Many, if not most, residential diving boards have a fiberglass top and bottom but the core is wood. Through the tears, rotting wood was plainly visible. I put the board on sawhorses, put the old supporting board underneath it and flipped the diving board over to access the bottom. Again, the diving board was resting on the old supporting board – I new that if I didn’t support it, the odds were high that it might snap. Once supported, I used a diamond masonry cutting wheel in my 4.5″ Ryobi cordless grinder to slice off the torn fiberglass to see what was going on. I had a hunch that If I could salvage the top of the board, I could fix the bottom and I was right.
|Important Safety Comment: Wear eye protection and a quality face mask (N95 or better) when you are cutting or sanding on fiberglass. You don’t want stuff getting in your eyes or lungs. I also wear gloves to protect my hands.|
Once I cut open the bottom that held the wood, I could see it needed to be replaced. What is there are three pieces of wood and there is a cap on each end with nails that held it together. Over the years as holes and cracks opened up, water got in and slowly rotted the wood. I really wasn’t surprised when I went to lift the board off the spring – it weighed a ton due to the waterlogged wood.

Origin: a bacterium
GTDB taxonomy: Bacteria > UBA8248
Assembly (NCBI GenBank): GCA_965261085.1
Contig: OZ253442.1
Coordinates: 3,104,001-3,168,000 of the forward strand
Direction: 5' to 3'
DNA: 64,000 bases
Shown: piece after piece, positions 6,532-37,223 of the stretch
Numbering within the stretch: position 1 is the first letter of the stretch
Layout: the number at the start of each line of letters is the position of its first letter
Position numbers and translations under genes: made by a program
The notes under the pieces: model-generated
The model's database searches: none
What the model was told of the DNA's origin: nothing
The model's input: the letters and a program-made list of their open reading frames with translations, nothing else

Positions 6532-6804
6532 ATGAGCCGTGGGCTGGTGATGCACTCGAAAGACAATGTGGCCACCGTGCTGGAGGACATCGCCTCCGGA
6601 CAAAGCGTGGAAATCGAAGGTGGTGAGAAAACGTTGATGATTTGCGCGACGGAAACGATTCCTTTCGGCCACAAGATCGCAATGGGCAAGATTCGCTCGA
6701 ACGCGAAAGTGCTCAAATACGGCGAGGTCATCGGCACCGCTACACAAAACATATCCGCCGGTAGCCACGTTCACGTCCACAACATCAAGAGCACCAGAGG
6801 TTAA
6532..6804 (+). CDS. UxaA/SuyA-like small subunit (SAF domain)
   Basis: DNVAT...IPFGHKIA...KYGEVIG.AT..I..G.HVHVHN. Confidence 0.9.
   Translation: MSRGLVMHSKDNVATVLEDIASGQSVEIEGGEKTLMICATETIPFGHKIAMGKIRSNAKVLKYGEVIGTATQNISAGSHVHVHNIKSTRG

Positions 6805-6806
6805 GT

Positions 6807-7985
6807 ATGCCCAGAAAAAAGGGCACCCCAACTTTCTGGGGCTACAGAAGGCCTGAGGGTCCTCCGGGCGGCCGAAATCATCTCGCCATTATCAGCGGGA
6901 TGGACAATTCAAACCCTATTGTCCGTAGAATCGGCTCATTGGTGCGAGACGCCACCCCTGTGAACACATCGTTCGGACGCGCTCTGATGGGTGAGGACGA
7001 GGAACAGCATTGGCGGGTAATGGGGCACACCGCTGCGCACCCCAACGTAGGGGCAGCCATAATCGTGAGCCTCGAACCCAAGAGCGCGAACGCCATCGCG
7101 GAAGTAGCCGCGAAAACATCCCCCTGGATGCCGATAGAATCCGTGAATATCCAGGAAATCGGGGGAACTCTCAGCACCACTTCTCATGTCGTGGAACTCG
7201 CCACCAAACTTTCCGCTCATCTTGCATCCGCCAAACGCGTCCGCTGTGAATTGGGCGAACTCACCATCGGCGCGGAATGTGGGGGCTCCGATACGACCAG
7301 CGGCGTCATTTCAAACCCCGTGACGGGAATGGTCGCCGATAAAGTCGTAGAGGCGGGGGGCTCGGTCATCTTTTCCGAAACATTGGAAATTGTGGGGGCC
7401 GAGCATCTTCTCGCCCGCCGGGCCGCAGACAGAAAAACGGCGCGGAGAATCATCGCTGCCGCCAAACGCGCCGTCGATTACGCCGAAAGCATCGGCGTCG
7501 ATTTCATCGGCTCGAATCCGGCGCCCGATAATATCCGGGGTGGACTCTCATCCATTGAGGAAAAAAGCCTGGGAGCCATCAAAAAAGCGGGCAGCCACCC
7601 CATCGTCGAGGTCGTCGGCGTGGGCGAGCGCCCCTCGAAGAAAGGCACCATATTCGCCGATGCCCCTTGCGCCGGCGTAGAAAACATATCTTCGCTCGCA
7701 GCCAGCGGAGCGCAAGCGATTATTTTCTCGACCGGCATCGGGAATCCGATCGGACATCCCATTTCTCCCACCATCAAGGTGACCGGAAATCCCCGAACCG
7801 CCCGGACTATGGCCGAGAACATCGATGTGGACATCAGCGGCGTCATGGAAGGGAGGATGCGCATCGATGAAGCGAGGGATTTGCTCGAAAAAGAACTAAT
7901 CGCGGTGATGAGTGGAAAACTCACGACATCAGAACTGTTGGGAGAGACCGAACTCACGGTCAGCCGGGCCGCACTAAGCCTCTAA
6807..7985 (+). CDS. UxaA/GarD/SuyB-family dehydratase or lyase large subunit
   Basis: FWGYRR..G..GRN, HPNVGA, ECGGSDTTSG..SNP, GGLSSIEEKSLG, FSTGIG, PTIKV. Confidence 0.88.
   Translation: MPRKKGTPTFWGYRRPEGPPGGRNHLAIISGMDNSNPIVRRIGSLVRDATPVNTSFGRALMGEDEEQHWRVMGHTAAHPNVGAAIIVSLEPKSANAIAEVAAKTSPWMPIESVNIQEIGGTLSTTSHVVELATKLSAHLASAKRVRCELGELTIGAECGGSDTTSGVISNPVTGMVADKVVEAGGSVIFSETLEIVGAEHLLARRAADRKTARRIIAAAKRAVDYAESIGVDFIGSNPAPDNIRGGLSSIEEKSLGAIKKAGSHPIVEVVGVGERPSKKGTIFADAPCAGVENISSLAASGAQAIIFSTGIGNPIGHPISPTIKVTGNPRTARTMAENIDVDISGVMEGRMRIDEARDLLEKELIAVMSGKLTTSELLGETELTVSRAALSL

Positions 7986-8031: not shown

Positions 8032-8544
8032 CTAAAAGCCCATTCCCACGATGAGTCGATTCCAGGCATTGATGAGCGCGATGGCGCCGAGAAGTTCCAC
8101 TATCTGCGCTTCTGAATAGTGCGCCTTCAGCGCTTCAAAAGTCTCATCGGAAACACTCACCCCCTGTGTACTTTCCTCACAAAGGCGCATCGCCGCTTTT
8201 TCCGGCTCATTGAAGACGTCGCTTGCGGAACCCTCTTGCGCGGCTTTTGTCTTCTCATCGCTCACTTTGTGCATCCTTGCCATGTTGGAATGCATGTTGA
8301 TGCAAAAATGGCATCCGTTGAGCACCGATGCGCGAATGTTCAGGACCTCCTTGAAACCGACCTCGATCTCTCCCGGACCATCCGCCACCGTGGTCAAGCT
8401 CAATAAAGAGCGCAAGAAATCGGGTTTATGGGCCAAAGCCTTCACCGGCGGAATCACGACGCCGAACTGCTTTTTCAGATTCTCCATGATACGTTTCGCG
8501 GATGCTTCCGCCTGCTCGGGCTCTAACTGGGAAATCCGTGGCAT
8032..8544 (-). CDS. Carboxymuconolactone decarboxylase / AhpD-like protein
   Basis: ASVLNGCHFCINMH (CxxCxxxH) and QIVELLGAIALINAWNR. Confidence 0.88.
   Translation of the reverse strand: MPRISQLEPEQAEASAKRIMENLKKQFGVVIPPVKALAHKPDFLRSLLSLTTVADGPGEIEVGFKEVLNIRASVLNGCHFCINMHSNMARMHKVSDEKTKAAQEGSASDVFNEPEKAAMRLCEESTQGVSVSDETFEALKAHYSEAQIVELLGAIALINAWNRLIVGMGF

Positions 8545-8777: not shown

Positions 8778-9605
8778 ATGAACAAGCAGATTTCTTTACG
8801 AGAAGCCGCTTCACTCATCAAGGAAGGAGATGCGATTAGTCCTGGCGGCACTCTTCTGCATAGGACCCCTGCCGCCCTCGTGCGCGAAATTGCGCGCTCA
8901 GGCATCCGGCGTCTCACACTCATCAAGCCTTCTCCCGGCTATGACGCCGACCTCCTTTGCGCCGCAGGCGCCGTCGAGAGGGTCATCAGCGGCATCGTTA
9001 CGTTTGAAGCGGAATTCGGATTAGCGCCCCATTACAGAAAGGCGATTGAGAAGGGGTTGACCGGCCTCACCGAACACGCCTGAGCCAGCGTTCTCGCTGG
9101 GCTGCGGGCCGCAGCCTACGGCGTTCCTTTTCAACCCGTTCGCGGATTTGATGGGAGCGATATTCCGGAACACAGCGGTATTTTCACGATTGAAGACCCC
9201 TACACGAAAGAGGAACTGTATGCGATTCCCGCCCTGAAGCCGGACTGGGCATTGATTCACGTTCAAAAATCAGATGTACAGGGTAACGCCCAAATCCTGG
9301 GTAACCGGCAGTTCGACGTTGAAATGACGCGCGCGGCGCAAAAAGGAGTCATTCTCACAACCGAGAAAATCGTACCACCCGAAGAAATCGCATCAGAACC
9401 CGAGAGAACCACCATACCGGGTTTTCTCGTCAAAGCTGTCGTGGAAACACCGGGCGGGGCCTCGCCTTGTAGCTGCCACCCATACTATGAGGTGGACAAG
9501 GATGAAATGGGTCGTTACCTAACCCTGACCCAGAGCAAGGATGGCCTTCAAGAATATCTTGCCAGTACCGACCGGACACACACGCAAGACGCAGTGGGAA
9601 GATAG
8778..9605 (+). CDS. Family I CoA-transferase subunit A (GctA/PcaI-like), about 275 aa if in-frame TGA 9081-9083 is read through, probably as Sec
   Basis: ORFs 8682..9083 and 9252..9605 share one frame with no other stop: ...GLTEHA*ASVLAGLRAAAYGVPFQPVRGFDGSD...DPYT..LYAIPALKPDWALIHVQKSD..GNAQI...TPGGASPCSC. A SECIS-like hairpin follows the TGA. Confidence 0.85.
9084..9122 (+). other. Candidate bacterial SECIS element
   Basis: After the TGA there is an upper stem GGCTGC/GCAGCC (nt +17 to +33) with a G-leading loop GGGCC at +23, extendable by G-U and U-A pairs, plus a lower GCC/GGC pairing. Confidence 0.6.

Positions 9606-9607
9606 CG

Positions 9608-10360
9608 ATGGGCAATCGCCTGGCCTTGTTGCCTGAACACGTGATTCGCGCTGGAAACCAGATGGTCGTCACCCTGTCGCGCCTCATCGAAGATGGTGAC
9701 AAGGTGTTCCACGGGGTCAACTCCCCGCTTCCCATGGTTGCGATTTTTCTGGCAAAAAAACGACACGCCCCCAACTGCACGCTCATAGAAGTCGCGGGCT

The wood wouldn’t lift right out so I would prop it up and cut it with a small hand held Ryobi circular saw into thirds. I used a small pry bar and lifted the sections out. I didn’t cut all of the fiberglass out yet thinking that I might use some of it to make things stronger. In hindsight, I’d now tell you to remove all of the hold fiberglass wrapping on the bottom -there was no need to save it.
Wood and Fiberglass
In a perfect world, I would have the exact same size of wood and better yet, treated wood, to replace the rotten wood. I didn’t have time for wet treated wood to dry so I went to Home Depot and bought two 2x12x8 pieces of dry pine lumber. One to go in the board and one to still support it even though it probably wasn’t needed.
I also stopped by the adhesives section of Home Depot and picked two 1-gallon jugs of Bondo fiberglass resin and three packages of fiberglass cloth – if I had it to do over, I would have bought a couple more for complete overkill in terms of strength. I knew I had a spare cloth at home so I had four fiberglass cloths total. I also bought a spare package of hardener just in case.
Note: The Bondo fiberglass system uses a polyester resin vs. true epoxy. Polyester is cheaper than epoxy but not as strong. I’m pretty sure it will hold up and we’ll see over time. I’m writing this post a week after our reunion and the board looks just fine – no cracks. m